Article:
In typical British style the main topic of conversation this week has been about the snow. We love talking about the weather and living in Great Britain we get plenty of opportunity to, from floods to droughts and snow to burning sun.
The majority of people are always quite positive when the snow falls, as it takes them back to their childhoods and in some cases affords them a day off work; however, those living rurally dread the white stuff as they don’t have the luxury of gritters and city warmth.
What about gardeners? Do we love the snow or would we rather be without it? Gardeners are known to be the most positive people on the planet and this is due to our ability to embrace every season moving with the times instead of chasing the future or reminiscing about the past. We find benefits to every kind of weather and snow is no different.
The snow maybe cold but it does act as insulation for many plants once the first few millimetres have settled. It can also considerably raise the temperature temporarily in the greenhouse and conservatory allowing you to save on heating. Last year our winter was very mild and many bugs and diseases survived whereas now with this cold covering these organisms will be killed off so we can start spring anew.
There are some points to be aware of in the garden when it snows and with a little foresight you can ensure the snow doesn’t do damage to any of your plants. Although it insulates, deep snow can cover some plants completely and these evergreens still need the sunshine for photosynthesis no matter how limited it is.
The lawn will also need sun to stay green. Instead of shovelling the whole carpet of fluffy stuff off the grass, try simply sprinkling it with luke warm water.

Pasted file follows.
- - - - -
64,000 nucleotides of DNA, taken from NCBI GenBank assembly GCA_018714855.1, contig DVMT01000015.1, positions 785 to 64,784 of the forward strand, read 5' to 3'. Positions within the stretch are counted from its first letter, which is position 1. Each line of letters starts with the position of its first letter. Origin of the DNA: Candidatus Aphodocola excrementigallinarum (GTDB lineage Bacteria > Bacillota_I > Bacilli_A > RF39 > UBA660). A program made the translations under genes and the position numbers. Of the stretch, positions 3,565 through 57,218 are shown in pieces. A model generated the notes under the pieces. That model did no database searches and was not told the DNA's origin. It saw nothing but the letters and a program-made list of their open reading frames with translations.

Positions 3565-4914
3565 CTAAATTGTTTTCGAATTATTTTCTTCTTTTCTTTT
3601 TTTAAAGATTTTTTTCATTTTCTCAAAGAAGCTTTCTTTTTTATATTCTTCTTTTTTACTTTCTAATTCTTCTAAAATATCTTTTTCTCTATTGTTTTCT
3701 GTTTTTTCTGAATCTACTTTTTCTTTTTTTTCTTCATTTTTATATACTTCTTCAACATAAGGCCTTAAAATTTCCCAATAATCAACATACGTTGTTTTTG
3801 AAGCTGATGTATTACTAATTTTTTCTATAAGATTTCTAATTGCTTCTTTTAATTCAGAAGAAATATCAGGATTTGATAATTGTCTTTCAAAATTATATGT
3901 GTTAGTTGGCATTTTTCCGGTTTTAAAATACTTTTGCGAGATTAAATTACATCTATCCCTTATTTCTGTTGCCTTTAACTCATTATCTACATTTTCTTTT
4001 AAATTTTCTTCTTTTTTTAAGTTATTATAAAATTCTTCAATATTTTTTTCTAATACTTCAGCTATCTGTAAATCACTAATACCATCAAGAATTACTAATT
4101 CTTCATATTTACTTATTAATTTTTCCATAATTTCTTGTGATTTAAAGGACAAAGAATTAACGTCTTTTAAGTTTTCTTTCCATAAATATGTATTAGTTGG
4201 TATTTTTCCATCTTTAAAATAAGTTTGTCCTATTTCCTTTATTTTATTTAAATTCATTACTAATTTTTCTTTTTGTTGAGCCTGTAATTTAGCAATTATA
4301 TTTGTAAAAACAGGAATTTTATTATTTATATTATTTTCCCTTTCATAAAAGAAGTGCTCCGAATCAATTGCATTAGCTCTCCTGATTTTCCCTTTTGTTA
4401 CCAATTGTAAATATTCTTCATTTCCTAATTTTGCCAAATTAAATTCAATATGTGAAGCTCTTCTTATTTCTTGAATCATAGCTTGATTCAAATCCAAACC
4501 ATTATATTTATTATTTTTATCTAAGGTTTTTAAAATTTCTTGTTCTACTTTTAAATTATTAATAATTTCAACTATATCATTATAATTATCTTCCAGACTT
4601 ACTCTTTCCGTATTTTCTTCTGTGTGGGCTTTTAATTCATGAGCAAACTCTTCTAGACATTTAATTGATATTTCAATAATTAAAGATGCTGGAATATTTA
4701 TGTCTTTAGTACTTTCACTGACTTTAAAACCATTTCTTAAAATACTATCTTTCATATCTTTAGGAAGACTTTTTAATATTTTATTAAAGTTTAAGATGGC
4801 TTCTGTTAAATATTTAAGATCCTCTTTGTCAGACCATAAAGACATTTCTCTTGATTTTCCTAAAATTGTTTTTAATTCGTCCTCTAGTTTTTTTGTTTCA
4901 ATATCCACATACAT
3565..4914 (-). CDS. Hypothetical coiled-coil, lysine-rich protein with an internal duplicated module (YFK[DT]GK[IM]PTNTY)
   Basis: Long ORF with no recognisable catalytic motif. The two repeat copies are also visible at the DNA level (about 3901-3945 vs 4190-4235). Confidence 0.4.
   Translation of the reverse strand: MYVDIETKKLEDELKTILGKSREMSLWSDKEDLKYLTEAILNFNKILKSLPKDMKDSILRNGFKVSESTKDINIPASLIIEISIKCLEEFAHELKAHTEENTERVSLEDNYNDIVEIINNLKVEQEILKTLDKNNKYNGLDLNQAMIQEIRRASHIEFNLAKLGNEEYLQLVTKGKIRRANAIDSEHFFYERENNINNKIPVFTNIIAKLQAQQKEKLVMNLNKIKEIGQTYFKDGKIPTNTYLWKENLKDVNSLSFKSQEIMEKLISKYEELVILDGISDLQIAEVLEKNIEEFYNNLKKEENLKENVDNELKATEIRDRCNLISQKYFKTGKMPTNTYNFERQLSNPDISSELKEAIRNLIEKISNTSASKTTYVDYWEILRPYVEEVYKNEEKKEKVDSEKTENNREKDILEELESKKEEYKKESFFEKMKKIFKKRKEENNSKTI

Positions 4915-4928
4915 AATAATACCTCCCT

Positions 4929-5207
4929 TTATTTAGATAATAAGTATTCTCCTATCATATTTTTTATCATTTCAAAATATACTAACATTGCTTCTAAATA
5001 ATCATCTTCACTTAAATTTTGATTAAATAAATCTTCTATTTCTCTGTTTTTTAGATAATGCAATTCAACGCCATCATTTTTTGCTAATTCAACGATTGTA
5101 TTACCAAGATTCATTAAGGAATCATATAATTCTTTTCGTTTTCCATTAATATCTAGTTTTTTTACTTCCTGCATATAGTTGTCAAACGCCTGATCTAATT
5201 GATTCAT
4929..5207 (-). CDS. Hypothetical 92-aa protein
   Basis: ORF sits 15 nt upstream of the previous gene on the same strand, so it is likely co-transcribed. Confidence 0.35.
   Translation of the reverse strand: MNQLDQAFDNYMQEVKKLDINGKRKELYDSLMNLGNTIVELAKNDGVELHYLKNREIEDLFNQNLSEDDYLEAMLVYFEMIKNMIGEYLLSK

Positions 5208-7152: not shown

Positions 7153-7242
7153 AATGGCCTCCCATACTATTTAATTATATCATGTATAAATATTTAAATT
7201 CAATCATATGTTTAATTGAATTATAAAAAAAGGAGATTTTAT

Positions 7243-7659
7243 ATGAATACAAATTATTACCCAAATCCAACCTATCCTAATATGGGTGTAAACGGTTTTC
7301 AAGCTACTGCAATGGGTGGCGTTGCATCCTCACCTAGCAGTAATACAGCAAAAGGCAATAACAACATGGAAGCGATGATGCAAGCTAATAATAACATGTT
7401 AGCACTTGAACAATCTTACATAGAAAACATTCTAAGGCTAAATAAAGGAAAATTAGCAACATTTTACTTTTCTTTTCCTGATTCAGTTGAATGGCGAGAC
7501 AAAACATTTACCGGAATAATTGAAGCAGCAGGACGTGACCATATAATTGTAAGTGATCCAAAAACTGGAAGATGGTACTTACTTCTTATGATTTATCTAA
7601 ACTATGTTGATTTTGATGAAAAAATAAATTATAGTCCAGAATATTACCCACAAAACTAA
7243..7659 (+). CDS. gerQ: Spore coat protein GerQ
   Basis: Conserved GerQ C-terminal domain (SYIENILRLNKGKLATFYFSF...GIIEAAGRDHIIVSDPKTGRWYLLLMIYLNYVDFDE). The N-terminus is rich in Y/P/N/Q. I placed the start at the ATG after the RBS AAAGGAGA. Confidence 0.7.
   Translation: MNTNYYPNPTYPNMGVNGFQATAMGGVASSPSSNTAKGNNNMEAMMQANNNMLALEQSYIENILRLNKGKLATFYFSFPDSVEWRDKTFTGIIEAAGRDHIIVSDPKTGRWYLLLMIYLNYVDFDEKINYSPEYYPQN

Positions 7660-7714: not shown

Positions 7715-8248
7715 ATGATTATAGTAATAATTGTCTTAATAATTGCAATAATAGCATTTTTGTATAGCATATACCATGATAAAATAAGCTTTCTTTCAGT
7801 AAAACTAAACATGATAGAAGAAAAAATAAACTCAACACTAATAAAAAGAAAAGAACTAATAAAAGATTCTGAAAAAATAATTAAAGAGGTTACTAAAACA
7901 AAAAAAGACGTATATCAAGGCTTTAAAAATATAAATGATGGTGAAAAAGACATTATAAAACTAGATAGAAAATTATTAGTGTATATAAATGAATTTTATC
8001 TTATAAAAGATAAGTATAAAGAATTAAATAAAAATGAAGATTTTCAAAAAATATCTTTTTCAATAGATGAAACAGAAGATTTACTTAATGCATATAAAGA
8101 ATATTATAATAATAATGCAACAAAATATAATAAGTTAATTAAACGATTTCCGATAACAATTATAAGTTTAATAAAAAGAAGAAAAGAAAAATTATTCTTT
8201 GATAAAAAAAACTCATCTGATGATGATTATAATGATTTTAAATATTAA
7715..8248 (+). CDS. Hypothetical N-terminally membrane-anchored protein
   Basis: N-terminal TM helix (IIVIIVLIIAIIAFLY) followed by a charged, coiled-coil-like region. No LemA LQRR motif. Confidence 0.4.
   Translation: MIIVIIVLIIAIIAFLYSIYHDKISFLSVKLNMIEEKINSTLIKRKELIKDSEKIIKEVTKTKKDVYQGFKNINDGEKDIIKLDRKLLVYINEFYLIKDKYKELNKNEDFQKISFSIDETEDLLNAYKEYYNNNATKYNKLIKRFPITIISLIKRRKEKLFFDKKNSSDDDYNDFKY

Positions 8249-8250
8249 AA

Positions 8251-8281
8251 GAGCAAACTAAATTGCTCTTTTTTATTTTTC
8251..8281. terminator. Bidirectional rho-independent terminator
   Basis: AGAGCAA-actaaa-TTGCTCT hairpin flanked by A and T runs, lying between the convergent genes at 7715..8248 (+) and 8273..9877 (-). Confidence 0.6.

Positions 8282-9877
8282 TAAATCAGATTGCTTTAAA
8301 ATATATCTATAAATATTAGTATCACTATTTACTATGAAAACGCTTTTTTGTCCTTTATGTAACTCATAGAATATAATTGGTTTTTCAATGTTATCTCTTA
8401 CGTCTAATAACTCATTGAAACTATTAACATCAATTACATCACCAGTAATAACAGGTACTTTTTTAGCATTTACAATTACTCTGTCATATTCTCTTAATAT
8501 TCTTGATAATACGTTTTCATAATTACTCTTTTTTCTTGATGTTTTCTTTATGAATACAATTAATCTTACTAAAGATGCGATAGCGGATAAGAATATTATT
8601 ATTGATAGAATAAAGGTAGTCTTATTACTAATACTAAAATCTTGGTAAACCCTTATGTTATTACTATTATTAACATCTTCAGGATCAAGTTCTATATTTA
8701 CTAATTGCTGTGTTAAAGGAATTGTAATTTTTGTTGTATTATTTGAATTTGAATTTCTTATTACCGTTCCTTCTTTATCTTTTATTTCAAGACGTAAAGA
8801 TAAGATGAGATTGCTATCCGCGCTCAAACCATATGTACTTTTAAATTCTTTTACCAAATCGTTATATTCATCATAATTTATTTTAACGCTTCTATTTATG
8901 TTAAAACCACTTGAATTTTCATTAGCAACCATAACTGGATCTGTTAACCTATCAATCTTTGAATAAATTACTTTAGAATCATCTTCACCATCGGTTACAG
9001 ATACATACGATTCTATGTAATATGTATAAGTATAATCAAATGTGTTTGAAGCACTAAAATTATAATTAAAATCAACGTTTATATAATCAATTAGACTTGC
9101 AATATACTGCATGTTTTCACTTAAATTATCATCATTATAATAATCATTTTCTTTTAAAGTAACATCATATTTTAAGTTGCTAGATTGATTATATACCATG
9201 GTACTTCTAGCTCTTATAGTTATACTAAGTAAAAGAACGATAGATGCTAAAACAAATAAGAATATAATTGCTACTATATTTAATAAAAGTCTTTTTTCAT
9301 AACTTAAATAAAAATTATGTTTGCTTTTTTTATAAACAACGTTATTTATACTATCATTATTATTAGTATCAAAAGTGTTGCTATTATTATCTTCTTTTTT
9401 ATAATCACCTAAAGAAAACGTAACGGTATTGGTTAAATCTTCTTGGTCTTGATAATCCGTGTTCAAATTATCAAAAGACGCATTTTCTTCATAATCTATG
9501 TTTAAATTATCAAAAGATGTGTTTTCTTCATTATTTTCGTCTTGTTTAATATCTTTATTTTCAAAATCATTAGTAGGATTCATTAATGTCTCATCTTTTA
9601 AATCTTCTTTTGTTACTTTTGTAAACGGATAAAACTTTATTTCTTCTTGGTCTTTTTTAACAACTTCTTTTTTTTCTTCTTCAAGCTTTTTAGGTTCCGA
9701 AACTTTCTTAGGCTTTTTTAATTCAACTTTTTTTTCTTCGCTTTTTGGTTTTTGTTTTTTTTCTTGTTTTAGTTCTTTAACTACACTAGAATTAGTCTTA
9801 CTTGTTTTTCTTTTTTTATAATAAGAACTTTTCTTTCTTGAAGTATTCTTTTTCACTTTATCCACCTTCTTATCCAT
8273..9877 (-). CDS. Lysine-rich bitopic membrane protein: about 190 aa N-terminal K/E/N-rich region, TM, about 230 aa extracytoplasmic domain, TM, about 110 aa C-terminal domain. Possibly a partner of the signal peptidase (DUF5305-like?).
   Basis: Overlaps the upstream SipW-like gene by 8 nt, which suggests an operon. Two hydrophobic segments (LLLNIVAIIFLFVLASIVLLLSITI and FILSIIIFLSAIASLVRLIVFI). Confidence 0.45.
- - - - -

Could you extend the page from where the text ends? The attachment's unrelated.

Many people also forget that snow is simply frozen water and when it melts it creates puddles and waterlogged pockets around areas of the garden that don’t have adequate drainage. This can be useful for preparation for
the year ahead as we’ll no doubt endure some lengthy April showers therefor the snow can help us to highlight the areas that may suffer the most.
It’s not always easy to recognise a plant that is drowning from below the ground, yet after a very wet 2012 gardeners are now taking steps to ensure every eventuality is planned for in 2013.
You can easily tell if a plant is drowning by its appearance. If you know it has received more than enough water but is still wilting as though it’s parched, the chances are the roots are finding it difficult to breathe.
To save the plant carefully remove it from the soil. The roots will smell like the worst silage and will probably be black and slimy.
Try to remove as much of the current soil as you can and then move to a free draining container with nutrient filled compost. Keep in a shaded area and mist when the soil becomes dry. The plant may continue to die off but have patience
and if you have acted in time you will be rewarded with new growth.